The new board of the Fun-and-Nonsense-Club is to be elected. The voting procedure itself is fairly simple: The club has 24 members, and every pair of (distinct) members announces to the public whether they are close friends or not. Then every member receives one vote for every close friend, and the composition of the board depends on these numbers of votes in a horribly complicated fashion; in our puzzle this luckily is of no concern to us.
In the week before the election, the club hired Professor Halfbrain to carry out an opinion poll. Halfbrain briefly spoke to every pair of club members and asked them whether they are close friends or not. Then he summarized his data and announced his prediction on the number of votes that each club member is going to receive.
Scenario 1: During the poll, all club members answered truthfully to the professor's questions. But once they hear Halfbrain's prediction, they change their mind and decide to have their fun with the professor. They plot up and at the actual election not a single one of Professor Halfbrain's 24 predicted numbers turns out to be correct.
Question 1: Was it just a lucky coincidence that the original (truthful) data allowed the club members to shatter Halfbrain's predictions? Or is there always a way of doing this?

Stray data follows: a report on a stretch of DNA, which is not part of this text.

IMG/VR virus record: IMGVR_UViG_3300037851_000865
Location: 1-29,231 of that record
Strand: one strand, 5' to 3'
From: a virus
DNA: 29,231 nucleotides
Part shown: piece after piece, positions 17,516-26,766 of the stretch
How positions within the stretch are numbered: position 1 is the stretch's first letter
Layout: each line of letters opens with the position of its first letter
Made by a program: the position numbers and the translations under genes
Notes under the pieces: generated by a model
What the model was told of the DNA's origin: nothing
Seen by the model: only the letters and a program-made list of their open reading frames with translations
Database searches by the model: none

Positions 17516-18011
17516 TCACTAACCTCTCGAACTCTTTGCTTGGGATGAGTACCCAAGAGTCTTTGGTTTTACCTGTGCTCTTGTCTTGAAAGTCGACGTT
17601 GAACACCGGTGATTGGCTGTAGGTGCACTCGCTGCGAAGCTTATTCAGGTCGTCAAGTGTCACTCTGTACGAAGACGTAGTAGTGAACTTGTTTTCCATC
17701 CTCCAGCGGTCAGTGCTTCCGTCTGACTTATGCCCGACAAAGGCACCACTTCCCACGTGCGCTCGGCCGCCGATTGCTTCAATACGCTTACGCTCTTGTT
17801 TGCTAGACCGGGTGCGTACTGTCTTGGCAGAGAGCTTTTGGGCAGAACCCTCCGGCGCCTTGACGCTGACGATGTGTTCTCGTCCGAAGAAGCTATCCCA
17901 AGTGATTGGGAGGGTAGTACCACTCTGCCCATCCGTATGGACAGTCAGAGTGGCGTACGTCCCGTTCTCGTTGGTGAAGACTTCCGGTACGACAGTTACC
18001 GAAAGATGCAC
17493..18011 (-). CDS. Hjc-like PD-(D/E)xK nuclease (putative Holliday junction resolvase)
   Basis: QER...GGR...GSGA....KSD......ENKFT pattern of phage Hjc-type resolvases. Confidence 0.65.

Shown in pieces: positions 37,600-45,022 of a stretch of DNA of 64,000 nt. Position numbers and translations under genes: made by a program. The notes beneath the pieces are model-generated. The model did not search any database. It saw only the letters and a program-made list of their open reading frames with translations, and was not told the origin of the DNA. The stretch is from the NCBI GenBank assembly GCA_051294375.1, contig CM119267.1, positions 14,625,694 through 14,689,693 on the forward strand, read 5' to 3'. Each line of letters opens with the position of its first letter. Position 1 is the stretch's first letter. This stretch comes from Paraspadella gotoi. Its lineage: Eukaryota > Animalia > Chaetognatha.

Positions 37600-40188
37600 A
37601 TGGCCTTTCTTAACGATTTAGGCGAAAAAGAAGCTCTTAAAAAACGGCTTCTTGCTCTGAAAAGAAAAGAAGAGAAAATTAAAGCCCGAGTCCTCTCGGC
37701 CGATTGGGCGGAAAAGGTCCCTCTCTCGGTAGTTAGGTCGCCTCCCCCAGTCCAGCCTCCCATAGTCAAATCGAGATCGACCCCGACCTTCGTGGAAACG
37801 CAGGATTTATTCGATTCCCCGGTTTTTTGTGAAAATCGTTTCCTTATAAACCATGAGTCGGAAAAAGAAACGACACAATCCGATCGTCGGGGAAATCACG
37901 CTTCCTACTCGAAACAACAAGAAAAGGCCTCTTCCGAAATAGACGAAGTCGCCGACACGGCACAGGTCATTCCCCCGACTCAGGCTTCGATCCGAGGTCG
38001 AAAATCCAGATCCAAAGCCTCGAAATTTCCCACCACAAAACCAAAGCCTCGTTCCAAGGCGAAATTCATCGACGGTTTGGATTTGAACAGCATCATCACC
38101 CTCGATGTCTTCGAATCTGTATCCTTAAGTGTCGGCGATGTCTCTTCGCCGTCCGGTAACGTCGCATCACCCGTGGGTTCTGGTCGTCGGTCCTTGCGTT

Scenario 2: At the end of his interviewing work with the club members, Professor Halfbrain realized that he had accidentally erased all the collected data. As he could not remember a single number and as he was unwilling to admit his mistake, he decided to simply use 24 random numbers (from the range $0,1,\ldots,23$) in his prediction. Once the club members hear Halfbrain's prediction, they decide to have their fun with the professor. They plot up and at the actual election not a single one of Professor Halfbrain's 24 predicted numbers turns out to be correct.
Question 2: Was it just a lucky coincidence that the club members were able to shatter Halfbrain's random predictions? Or is there always a way of doing this?